When we think of placebos, we generally think of sugar pills; however, the concept of placebos has evolved to include pills with active ingredients and more broadly any “treatment whose benefits (in the opinion of the clinician) derive from positive patient expectations and not from the physiological mechanism of the treatment itself.” (BMJ 2008;337:a1938; Prescribing "placebo treatments": results of national survey of US internists and rheumatologists).

Using this broad definition, a group of researchers set forth to study the current practices of U.S. doctors in prescribing placebos. Its study results, published in the British Medical Journal (BMJ) in October 2008, were reported in all the major newspapers, including an article in the New York Times.

The study, as it was reported, found that approximately half of the American internists and rheumatologists surveyed regularly prescribe placebos.

While the general public likely was surprised by these results, as some doctors might have been, anyone reading the actual study likely was not. Despite the suggestion that the study surveyed the general attitudes and behaviors of physicians in prescribing placebos, the study actually asked the questions specifically in the framework of fibromyalgia.


Fibromyalgia is a poorly understood condition of chronic pain over multiple muscle and soft tissue areas of the body often accompanied by nonspecific symptoms, such as fatigue, headache, and sensation of joint or tissue swelling. The symptoms of fibromyalgia occur with varying severity and can be aggravated by various factors, such as stress or poor sleep.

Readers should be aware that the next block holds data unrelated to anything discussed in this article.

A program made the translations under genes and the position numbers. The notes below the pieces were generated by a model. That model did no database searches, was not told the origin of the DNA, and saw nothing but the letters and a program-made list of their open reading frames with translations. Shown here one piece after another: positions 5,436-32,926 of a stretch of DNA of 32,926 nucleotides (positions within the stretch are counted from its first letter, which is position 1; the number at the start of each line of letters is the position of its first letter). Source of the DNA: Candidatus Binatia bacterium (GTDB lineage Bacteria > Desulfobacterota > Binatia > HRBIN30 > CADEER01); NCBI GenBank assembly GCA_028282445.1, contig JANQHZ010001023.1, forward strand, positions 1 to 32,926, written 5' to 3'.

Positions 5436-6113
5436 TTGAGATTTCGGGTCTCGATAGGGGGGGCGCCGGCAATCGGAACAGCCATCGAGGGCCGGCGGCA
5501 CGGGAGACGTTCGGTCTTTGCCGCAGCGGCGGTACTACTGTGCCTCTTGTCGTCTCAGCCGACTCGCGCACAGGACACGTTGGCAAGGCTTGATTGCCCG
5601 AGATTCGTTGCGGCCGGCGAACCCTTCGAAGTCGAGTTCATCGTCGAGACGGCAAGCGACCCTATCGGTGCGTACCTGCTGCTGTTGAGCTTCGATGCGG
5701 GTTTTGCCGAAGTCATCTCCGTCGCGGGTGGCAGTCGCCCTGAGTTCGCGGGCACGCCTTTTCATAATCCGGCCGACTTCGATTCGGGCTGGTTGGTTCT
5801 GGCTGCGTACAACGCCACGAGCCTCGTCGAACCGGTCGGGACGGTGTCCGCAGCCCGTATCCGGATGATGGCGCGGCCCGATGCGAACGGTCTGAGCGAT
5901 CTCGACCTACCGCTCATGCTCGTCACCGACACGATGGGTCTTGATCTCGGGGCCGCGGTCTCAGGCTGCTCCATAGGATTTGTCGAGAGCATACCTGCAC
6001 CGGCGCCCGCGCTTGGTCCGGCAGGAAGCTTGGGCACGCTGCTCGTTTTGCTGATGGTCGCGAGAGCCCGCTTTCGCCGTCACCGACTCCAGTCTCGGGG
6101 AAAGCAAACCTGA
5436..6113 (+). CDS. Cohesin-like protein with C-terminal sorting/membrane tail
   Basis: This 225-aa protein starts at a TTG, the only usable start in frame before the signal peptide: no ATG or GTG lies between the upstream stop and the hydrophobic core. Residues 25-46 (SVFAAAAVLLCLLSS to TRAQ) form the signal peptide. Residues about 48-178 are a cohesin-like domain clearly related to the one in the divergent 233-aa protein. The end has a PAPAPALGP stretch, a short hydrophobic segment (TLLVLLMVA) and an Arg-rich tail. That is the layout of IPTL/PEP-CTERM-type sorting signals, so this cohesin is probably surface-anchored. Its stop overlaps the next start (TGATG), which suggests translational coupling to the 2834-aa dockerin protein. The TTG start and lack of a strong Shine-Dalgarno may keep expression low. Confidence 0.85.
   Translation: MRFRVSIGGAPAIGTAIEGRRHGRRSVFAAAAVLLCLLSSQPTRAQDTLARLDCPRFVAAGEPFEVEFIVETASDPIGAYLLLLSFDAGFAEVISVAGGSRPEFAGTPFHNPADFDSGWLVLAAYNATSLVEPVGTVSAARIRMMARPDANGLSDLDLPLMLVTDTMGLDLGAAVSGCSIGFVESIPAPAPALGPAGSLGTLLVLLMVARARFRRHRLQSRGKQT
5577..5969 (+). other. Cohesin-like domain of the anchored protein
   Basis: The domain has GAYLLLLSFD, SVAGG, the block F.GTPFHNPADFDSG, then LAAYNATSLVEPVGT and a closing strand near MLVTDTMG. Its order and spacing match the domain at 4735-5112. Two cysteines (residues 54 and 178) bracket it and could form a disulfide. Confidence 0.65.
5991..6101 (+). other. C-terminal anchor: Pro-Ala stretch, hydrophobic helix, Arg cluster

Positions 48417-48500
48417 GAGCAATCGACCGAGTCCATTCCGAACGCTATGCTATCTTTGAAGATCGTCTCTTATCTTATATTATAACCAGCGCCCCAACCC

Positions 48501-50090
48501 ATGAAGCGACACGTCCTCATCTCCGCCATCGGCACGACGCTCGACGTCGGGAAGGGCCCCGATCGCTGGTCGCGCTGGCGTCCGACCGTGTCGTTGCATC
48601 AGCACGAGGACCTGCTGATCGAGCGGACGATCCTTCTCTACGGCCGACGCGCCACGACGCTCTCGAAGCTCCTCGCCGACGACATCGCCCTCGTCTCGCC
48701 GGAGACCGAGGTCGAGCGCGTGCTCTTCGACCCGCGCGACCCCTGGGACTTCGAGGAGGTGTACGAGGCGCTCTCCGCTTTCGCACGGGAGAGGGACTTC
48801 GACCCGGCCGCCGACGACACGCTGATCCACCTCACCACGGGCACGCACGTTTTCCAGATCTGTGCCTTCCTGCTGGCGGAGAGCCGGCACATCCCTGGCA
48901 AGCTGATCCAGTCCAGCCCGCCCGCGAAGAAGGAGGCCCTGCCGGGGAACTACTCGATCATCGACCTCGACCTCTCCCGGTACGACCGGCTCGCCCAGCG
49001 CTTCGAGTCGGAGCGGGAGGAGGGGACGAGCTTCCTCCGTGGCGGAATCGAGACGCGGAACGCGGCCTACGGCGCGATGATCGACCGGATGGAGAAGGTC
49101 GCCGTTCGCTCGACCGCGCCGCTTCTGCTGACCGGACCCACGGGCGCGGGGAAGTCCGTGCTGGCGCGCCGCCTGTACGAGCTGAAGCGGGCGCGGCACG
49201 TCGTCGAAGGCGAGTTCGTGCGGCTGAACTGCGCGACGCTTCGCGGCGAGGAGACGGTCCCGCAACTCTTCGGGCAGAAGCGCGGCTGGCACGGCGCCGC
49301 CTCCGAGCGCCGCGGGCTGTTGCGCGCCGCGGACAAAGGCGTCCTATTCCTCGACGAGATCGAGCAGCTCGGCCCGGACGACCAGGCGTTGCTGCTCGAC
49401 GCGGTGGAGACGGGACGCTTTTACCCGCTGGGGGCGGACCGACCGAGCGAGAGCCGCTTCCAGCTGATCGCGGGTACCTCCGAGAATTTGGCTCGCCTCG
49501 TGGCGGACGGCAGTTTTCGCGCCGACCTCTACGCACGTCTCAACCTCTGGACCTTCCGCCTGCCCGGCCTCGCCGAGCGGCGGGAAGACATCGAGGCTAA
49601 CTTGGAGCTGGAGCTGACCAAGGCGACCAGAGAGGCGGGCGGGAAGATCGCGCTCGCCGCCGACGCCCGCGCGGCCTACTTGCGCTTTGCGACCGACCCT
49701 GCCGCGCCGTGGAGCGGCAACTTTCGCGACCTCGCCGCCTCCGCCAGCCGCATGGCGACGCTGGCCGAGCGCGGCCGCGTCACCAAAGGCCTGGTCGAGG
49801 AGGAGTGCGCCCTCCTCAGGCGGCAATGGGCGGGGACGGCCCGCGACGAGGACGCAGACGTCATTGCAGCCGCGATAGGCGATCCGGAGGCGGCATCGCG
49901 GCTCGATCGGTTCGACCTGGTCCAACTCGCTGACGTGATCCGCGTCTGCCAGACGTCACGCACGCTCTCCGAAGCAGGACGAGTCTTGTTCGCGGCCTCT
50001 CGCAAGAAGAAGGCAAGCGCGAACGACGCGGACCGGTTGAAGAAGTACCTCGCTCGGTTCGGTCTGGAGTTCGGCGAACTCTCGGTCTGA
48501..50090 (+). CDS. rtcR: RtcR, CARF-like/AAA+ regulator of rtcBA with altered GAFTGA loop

While a physical exam reveals tender points located symmetrically on both sides of the body, the patients look healthy and have no other real findings on exam, labs, or x-rays. Once other potential diagnoses are excluded, the diagnosis of fibromyalgia is made.

What causes fibromyalgia? We don't know. How best to treat it? We don't know.

Some studies suggest that prolonged sleep deprivation can cause symptoms similar to fibromyalgia, but many patients with fibromyalgia do not have sleep disturbances. An association of fibromyalgia with mood disorders has led some doctors to attribute the symptoms to psychiatric causes, but again the majority of patients with fibromyalgia do not have psychiatric disorders. In part because co-existing illnesses can confound the diagnosis, a clear explanation for fibromyalgia does not yet exist.

The current explanation for fibromyalgia is that the brains of patients with fibromyalgia are overly sensitive to the nerve signals emanating from the patients' muscle and soft tissues and, as well, over-interpret these inputs as pain. (There are parallels here with irritable bowel syndrome.)

Despite this knowledge and the knowledge that patients with fibromyalgia suffer from real pain, doctors in general, without any objective findings in their patient, have a hard time understanding the disorder and treating it. They tend to see fibromyalgia as in their patients' heads and can become as frustrated as the patients in trying to treat the chronic pain.

Treatments for fibromyalgia

The available treatments for fibromyalgia include patient education, aerobic exercise, muscle strengthening, cognitive behavioral therapy, and, of course, medications. The medications are of varying but limited benefit and include some tricyclic antidepressants, serotonin reuptake inhibitors (SSRIs), anticonvulsants, and muscle relaxants in combination with acetaminophen (Tylenol). Consistent with a lack of evidence for muscle or tissue inflammation in fibromyalgia, there is generally no benefit from anti-inflammatory agents, such as NSAIDs (a group of pain relievers that include over the counter medications such as ibuprofen and naproxen) or prednisone. The prescribing of narcotics other than tramadol are usually avoided due to a lack of evidence and a concern for long-term abuse.

A look back now at the BMJ study